The U.S. Army is shipping 6,700 tons of contaminated sand to Idaho from Kuwait. It will arrive at American Ecology in Grandview, Idaho, sometime in May.
Grandview, population 470, is 42 miles south of Boise in Owyhee County.
The sand is from Camp Doha in Kuwait, a former Army warehouse complex used by Army Forces Central Command. The sand absorbed depleted uranium when some spent ammunition was caught in a fire (addition May 1:during the first Gulf War.)
It’s also contaminated with hazardous levels of lead, according to the two military guys who told me the story, whose branch and names won’t be used for obvious reasons. However, it’s no secret, since an out-of-state reporter, Erik Olson, knew about it.
Chad Hyslop, spokesperson for American Ecology, did not return New West’s phone calls, but he told Olson that all the sand will be at the disposal site in Grandview sometime in May.
It will take 76 rail cars to run half the sand to Idaho, and then a second trip will be required for the rest. 152 of the smallest size rail cars would build a four-story structure about the size of half a football field.
Andrea Shipley, the executive director of the Snake River Alliance, an Idaho-based grassroots group with a mission to watchdog the energy industry and energy-related government departments, doesn’t like the idea of the sand coming to Idaho. She told New West that “this is a major concern. Depleted uranium is both a toxic heavy metal and a radioactive substance creating health risks that may be far more varied than is recognized in federal regulations today. Safe and responsible clean-up is critical to safeguard the health of Idahoans and our environment.”
The lead contamination, which the Army discovered before the ship carrying the sand to the Port of Longview arrived there, was nearly four times higher than the EPA standard for designating it “hazardous.”
According to the Centers for Disease Control, even very low levels of exposure to lead in children can cause learning disabilities, and may increase the risk of Alzheimer’s disease, strokes or heart attacks. Lead is also associated with impaired visual and motor function, growth abnormality, neurological and organ damage, hearing loss, hypertension and reproductive complications.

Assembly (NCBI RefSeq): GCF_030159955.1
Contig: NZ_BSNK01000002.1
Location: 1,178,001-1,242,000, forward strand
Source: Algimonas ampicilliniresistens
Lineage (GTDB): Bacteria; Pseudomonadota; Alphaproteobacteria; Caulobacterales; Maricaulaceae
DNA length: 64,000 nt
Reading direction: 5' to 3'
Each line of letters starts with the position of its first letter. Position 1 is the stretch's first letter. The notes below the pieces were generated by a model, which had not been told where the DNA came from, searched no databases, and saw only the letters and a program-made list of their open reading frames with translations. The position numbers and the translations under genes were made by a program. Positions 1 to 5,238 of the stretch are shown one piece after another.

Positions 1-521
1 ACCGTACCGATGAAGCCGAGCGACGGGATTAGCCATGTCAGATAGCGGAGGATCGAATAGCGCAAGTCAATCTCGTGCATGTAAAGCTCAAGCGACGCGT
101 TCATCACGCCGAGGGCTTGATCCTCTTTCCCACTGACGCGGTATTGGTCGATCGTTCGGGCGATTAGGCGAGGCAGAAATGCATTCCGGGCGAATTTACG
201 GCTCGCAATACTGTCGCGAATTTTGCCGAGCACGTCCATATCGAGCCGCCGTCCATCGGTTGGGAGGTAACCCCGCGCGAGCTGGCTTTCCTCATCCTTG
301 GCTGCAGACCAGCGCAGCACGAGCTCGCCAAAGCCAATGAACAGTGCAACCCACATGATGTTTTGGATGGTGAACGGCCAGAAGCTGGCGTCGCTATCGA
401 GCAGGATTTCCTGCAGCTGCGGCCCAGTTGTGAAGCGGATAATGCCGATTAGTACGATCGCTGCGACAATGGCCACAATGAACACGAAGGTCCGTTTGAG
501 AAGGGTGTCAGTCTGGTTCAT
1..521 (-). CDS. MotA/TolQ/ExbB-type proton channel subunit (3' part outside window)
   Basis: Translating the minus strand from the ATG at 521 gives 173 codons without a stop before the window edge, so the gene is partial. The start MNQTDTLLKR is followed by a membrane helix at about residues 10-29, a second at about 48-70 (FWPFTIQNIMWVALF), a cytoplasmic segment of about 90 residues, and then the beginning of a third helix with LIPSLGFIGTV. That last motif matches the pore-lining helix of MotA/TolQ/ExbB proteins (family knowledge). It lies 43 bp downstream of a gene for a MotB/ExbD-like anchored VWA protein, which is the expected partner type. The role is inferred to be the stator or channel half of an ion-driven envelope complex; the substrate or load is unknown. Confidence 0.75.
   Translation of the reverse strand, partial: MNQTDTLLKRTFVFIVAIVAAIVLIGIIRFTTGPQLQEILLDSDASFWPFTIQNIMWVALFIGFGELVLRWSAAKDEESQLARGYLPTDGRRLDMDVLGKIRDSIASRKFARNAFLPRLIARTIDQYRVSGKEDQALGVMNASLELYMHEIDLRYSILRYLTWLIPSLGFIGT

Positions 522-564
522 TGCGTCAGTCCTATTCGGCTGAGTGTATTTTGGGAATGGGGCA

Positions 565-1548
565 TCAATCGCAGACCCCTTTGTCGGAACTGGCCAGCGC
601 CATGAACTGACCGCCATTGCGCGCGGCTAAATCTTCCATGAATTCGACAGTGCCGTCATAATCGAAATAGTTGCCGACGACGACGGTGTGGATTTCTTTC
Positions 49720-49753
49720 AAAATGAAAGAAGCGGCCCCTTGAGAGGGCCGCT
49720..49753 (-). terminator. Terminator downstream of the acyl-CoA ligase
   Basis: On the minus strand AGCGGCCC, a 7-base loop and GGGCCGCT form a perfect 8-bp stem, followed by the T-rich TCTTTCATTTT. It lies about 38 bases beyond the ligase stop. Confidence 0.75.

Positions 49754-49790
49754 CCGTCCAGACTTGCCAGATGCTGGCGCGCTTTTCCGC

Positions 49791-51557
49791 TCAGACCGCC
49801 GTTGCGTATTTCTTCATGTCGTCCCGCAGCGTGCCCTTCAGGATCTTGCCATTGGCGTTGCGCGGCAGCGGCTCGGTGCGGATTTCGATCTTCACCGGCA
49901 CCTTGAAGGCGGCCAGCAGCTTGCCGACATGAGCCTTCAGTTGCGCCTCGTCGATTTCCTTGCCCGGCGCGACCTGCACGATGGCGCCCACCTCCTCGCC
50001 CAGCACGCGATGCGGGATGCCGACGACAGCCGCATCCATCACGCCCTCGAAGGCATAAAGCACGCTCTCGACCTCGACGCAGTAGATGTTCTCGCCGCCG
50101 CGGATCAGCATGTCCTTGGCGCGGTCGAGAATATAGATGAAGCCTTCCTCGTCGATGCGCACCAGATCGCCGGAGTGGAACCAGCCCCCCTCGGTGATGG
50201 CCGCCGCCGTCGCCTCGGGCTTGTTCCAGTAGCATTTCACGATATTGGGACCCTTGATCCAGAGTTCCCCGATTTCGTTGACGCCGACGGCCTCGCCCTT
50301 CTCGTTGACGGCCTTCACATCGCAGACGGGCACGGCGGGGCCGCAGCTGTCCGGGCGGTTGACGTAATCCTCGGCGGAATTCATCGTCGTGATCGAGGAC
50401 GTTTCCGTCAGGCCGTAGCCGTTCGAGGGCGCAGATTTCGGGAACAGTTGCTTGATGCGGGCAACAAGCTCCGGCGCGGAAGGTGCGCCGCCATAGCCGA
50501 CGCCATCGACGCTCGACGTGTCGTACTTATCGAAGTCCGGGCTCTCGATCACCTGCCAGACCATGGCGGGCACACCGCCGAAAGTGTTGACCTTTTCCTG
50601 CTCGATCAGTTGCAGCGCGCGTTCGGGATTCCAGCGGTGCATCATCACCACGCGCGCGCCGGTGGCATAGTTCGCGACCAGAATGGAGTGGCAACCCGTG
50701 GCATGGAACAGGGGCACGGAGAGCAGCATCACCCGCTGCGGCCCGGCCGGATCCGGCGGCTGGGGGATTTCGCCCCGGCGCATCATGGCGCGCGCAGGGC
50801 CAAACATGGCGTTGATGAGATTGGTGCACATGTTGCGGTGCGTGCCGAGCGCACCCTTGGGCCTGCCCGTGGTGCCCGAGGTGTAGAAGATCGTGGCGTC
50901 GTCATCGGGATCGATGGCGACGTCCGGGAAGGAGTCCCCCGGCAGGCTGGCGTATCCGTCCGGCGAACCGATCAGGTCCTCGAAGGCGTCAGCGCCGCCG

Whether or not humans might be exposed to the contaminated sand, either during transport, unloading, or processing at American Ecology’s Grandview landfill is not clear. No Army official returned calls.
Citizen scientists posting at here” title=”Wikipedia provide this technical information”>Wikipedia provide this technical information about depleted uranium:
Depleted uranium (DU) is uranium primarily composed of the isotope uranium-238 (U-238). Natural uranium is about 99.27 percent U-238, 0.72 percent U-235, and 0.0055 percent U-234. Because U-235 is used for fission in nuclear reactors and nuclear weapons, natural uranium is enriched in U-235 by separating the isotopes by mass. The byproduct of enrichment, called depleted uranium or DU, contains less than one third as much U-235 and U-234 as natural uranium, making it less radioactive due to the longer 4.5 billion year half-life of U-238. The external radiation dose from DU is about 60 percent of that from the same mass of natural uranium.
Depleted uranium munitions are controversial because of numerous unanswered questions about the long-term health effects. DU is less toxic than other heavy metals such as arsenic and mercury, and is only very weakly radioactive because of its long half life. While any radiation exposure has risks, no conclusive epidemiological data have correlated DU exposure to specific human health effects such as cancer. However, the UK government has attributed birth defect claims from a 1991 Gulf War combat veteran to DU poisoning, and studies using cultured cells and laboratory rodents continue to suggest the possibility of leukemogenic, genetic, reproductive, and neurological effects from chronic exposure. Until such issues are resolved with further research, the use of DU by the military will continue to be controversial.
However, NewWest.Net columnist Irwin Horowitz of 6degrees – named because of his six college degrees including a B.S. from MIT in physics, an M.S. in astronomy and another M.S. in electrical engineering – has a strong interest in nuclear issues and follows them regularly. He told New West that the primary issue with the sand from Kuwait is the heavy-metal toxicity more than the U-238, and the radiation, in the form of alpha particles, doesn’t penetrate skin. Lead, said Horowitz, gets into the soft tissues of the body. “Depleted uranium could enter the body from ingesting it, breathing it in, or through surface skin cuts, so you’d almost have to play in the sand.”
More calls to American Ecology have not been returned.